The Olivet Discourse...Luke's Version By Jack Kelley Students of prophecy often pay more attention to…
How Can A Sinner Become Right With God?
By Mike Gendron
The only way a sinner, who is condemned under God’s inflexible justice, can be made right with God is through faith alone in the substitutionary death and resurrection of the Lord Jesus Christ (Rom. 3:21-28). Jesus Christ satisfied divine justice so that God could be just and the justifier of the one who has faith in Jesus (Rom. 3:26). The sinless Savior went to the cross as a substitute for His people. He endured the wrath of God in the place of sinners who would repent and believe the Gospel. This is the heart of the Gospel and the hinge upon which the gates of heaven open and close.
Catholicism Totally Rejects Biblical Justification
Roman Catholicism directly opposes God’s Word on the doctrine of justification. At first, the papists obscured this core doctrine of the Gospel from its people, then later corrupted it with “infallible” dogmas at the 16th century Council of Trent. We must warn Catholics that if they get justification wrong, they cannot be right with God. Knowing that God’s truth shines brightest against the darkness of religious deception, let us consider the following distortions of the doctrine of justification by the Catechism of the Catholic Church (CCC):
• Justification is by faith in what God accomplished in Christ (Rom. 5:1).
• Rome says justification is by the sacrament of water baptism (CCC, 1992).
• Justification is instantaneous and changes one’s legal status before God whereby a condemned sinner has been acquitted and declared righteous (Rom. 4:3; 5:12-21).
• Rome says justification is a process and changes the inner man, not his legal status (CCC, 2019).
• Justification is permanent and is never lost by sin. The legal status of a justified man is as unchangeable as the righteousness of Christ (Heb. 10:14).
• Rome says justification is temporal; it can be lost by sin and regained through the sacrament of penance and good works (CCC, 1446, 1861).
• God justifies the ungodly (Rom. 4:5).
• Rome teaches final justification is not for the ungodly but for those who become righteous (CCC, 2016, 2020).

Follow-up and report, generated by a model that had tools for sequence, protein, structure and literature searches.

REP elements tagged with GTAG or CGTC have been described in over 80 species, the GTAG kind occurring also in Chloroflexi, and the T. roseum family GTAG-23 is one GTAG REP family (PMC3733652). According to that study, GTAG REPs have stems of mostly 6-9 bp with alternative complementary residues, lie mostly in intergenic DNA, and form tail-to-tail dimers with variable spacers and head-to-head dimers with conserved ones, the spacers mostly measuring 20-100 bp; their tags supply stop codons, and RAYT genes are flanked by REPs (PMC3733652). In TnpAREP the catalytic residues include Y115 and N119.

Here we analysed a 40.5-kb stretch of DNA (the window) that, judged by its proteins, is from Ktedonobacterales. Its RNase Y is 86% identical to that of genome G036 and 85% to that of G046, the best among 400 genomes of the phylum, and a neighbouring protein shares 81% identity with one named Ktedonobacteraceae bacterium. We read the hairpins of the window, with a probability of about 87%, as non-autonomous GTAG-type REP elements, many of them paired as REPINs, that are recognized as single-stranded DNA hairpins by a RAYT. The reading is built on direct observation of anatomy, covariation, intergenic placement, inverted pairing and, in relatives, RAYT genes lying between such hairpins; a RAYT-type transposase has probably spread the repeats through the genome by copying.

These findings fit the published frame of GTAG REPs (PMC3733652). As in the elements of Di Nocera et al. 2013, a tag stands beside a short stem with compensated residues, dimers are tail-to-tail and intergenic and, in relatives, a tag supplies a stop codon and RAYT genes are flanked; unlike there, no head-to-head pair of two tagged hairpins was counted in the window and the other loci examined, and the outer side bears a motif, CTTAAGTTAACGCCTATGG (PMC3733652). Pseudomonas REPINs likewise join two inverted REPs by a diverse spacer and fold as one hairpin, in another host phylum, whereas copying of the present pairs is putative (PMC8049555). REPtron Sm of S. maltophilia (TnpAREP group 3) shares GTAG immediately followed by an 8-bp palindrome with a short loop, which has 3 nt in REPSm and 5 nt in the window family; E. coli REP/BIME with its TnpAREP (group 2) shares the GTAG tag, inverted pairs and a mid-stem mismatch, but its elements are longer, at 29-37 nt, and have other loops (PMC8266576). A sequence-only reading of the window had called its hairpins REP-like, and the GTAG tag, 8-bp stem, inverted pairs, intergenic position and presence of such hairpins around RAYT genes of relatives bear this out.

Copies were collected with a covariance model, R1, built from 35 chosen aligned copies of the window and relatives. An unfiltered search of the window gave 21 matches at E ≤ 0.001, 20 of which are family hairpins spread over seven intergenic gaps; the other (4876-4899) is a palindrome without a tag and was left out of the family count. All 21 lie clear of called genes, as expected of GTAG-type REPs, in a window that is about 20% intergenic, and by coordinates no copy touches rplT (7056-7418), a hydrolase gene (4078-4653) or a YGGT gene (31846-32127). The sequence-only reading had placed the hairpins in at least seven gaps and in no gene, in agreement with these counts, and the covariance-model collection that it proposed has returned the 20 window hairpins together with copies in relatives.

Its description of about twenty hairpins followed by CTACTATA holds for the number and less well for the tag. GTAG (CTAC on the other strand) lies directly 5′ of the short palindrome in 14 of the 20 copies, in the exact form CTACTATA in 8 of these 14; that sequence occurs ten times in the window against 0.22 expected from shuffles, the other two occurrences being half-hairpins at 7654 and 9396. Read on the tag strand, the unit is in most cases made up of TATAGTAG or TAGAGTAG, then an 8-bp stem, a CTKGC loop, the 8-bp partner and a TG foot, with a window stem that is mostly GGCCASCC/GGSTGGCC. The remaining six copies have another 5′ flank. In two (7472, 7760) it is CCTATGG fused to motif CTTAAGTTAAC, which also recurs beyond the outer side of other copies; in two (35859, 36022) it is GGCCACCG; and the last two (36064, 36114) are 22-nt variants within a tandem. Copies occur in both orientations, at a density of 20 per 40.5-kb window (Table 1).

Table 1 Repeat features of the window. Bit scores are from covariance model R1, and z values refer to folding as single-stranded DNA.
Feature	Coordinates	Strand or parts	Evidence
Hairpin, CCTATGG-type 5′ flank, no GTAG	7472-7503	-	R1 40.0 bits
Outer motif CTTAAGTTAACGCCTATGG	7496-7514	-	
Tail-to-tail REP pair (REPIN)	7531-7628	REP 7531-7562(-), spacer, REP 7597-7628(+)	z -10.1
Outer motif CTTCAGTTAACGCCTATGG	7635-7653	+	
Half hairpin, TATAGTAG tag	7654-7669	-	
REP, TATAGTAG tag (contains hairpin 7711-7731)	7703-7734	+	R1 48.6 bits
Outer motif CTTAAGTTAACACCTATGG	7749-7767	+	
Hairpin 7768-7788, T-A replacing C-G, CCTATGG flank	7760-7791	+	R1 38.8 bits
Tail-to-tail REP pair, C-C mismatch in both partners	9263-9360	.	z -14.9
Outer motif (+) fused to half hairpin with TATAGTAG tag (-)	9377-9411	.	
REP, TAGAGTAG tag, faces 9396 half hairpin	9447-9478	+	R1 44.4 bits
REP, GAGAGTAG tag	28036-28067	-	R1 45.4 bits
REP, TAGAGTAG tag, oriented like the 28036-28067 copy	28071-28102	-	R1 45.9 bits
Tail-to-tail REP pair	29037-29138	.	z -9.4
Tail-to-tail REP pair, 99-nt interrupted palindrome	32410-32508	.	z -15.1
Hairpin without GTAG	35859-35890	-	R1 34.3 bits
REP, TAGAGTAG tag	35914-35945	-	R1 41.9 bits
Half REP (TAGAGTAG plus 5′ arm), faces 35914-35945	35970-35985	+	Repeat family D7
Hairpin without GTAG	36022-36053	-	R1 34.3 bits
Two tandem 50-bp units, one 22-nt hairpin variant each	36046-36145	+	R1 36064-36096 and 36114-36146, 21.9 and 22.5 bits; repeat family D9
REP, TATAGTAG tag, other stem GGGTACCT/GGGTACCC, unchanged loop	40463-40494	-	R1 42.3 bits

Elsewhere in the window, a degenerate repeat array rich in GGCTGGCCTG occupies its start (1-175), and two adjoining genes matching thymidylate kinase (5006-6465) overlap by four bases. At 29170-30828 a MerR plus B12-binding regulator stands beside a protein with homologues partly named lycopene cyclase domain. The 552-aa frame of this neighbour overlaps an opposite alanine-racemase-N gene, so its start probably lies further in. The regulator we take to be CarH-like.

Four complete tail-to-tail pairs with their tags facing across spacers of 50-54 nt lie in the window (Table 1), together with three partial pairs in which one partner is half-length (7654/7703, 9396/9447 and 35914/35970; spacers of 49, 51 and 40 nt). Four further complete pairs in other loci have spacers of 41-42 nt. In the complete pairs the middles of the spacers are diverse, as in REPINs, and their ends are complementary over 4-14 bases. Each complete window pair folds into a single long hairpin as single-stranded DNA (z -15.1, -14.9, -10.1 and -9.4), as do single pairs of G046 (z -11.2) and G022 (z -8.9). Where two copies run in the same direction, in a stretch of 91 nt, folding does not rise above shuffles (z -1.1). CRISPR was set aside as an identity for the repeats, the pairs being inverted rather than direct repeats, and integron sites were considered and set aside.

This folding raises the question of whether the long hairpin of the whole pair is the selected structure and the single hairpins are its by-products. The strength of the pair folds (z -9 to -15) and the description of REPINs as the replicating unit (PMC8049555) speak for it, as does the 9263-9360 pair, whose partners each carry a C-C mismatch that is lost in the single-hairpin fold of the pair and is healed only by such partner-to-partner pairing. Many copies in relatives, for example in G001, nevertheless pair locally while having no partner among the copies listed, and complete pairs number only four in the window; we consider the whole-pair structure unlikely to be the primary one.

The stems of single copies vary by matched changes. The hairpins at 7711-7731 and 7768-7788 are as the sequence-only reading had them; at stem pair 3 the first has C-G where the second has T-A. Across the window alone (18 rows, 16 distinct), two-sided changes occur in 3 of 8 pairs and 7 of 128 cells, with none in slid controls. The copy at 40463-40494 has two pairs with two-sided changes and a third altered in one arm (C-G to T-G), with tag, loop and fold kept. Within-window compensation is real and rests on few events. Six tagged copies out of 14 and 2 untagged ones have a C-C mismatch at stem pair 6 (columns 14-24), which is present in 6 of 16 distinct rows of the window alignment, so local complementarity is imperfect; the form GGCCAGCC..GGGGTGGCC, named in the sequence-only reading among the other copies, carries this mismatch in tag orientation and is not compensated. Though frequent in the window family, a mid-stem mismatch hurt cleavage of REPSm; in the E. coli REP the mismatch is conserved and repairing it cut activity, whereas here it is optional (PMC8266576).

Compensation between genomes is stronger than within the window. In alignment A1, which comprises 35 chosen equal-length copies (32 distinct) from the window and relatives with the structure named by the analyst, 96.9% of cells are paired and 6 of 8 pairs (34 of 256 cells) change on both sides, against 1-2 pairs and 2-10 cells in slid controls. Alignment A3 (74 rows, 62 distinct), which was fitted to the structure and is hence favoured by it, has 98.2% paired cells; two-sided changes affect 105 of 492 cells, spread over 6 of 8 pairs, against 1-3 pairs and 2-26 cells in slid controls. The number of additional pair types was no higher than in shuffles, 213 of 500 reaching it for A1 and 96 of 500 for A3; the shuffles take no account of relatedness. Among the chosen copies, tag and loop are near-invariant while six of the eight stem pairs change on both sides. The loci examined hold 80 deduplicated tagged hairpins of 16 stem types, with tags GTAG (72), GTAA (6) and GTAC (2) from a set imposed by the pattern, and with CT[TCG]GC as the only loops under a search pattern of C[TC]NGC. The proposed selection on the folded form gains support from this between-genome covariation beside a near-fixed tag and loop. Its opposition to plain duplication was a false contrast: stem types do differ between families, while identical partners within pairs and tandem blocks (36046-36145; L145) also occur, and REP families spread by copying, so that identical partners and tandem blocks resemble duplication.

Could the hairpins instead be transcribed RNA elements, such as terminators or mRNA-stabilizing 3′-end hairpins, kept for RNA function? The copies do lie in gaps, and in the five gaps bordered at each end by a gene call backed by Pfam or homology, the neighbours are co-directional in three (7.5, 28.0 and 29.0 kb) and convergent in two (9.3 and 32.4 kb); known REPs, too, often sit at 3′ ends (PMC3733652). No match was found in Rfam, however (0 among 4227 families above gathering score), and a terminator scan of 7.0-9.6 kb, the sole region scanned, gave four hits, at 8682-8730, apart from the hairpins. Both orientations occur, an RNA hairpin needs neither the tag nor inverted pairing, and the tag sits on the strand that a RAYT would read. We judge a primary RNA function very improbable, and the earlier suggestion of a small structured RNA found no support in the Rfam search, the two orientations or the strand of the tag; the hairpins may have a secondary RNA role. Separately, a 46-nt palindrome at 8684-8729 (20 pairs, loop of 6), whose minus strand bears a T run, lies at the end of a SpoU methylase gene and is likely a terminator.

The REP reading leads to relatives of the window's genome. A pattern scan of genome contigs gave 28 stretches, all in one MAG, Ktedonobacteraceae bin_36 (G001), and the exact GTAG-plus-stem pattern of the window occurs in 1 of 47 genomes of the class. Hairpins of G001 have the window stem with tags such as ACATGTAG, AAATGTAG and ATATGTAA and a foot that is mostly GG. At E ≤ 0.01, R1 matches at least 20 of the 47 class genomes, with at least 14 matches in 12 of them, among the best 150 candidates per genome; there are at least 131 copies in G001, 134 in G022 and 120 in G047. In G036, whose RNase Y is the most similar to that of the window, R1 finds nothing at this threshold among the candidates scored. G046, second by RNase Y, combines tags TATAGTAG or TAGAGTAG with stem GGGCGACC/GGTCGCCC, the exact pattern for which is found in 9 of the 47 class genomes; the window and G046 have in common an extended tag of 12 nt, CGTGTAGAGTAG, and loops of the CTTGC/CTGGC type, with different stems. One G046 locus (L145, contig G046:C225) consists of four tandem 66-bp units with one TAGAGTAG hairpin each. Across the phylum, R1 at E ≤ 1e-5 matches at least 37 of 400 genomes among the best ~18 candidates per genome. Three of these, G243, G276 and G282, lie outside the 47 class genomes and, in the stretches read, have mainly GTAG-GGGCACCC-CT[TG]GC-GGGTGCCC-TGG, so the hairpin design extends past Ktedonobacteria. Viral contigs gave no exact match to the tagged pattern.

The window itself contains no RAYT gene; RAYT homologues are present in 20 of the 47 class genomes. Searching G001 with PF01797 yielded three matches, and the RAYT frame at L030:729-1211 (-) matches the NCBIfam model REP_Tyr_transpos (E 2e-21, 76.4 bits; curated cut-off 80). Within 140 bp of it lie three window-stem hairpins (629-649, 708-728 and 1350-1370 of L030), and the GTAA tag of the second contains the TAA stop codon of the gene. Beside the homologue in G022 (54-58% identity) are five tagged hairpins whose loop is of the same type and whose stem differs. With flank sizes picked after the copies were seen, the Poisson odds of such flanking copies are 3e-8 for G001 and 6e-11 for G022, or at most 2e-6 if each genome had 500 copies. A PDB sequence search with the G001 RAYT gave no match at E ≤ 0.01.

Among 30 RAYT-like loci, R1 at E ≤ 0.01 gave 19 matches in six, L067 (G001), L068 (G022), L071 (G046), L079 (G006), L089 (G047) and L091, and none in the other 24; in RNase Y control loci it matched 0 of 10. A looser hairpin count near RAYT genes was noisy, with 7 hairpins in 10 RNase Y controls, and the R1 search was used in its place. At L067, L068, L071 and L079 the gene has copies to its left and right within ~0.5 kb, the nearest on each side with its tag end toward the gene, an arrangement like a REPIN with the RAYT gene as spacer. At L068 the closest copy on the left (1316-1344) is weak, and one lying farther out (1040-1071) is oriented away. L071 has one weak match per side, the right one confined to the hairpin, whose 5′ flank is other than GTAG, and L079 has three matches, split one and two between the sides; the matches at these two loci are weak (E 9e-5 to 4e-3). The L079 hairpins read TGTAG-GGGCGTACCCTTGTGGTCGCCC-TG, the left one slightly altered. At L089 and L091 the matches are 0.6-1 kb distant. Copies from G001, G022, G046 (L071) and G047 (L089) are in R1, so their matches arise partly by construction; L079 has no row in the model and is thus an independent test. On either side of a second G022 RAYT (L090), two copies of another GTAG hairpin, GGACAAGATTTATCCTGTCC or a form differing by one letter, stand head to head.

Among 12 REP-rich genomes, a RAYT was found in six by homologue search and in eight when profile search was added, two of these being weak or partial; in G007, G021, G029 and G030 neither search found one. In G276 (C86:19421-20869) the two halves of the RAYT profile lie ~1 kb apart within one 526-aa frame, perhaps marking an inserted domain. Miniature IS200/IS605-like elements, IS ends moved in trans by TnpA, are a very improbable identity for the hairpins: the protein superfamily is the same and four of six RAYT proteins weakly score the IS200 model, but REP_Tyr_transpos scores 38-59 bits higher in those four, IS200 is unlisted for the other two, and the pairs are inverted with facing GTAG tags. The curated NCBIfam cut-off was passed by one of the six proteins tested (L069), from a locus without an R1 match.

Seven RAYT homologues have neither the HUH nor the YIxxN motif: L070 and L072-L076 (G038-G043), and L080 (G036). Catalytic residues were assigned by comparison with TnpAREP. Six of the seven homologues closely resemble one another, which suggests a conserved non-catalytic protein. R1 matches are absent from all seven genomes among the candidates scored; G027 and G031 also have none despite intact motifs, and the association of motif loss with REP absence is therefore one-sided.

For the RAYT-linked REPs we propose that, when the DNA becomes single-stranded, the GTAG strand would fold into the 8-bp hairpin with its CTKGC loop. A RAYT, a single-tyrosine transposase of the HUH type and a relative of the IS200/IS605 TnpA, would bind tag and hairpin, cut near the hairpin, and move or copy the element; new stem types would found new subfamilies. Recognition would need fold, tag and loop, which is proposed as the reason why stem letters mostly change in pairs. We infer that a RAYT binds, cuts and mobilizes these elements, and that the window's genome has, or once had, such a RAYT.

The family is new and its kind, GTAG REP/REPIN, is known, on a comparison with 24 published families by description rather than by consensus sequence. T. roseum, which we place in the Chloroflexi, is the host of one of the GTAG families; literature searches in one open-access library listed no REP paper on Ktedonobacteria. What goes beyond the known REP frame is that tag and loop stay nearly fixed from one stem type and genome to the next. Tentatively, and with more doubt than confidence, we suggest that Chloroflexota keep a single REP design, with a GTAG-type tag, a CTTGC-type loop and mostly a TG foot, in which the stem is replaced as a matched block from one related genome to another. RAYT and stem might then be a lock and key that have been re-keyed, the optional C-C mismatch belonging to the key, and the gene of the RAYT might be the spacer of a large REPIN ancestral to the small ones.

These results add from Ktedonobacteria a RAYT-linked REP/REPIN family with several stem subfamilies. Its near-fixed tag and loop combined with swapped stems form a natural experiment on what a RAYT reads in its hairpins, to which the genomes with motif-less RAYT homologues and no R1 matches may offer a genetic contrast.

• Justification is the imputation of the righteousness of Christ to the repentant sinner (2 Cor. 5:21; Rom. 4:5).
• Rome says justification is the infusion of righteousness which renews the interior man (CCC,1989).
• Justification is by grace apart from works. Christ’s righteousness is given as a gift (Titus 3:7; Rom. 5:17, 11:6).
• Rome says justification must include good works. Re-justification must be merited by making satisfaction for sins through penance, works of mercy, etc. (CCC, 1459, 1460, 2010, 2027). “If anyone says that the sinner is justified by faith alone…let him be anathema” (Trent, Canon 24).
• God promises to glorify everyone He justifies because those justified can never be condemned (Rom. 8:1, 8:30).
• Rome says God will condemn to hell everyone who was justified by water baptism but who later dies in mortal sin (CCC, 1861).
One Verse Catholics Love to Quote
As we share the Gospel of grace with Roman Catholics, they will defend their dogma of justification by faith plus works with James 2:24 which says, “You see that a person is justified by works and not by faith alone.” It appears that James is teaching something inconsistent with the rest of Scripture. However, when we study the context of chapter two, we see that James is not teaching “how to be justified”, he is contrasting two kinds of faith – a genuine, God-given faith which is evidenced by good works, and a spurious, dead faith which shows no evidence of conversion.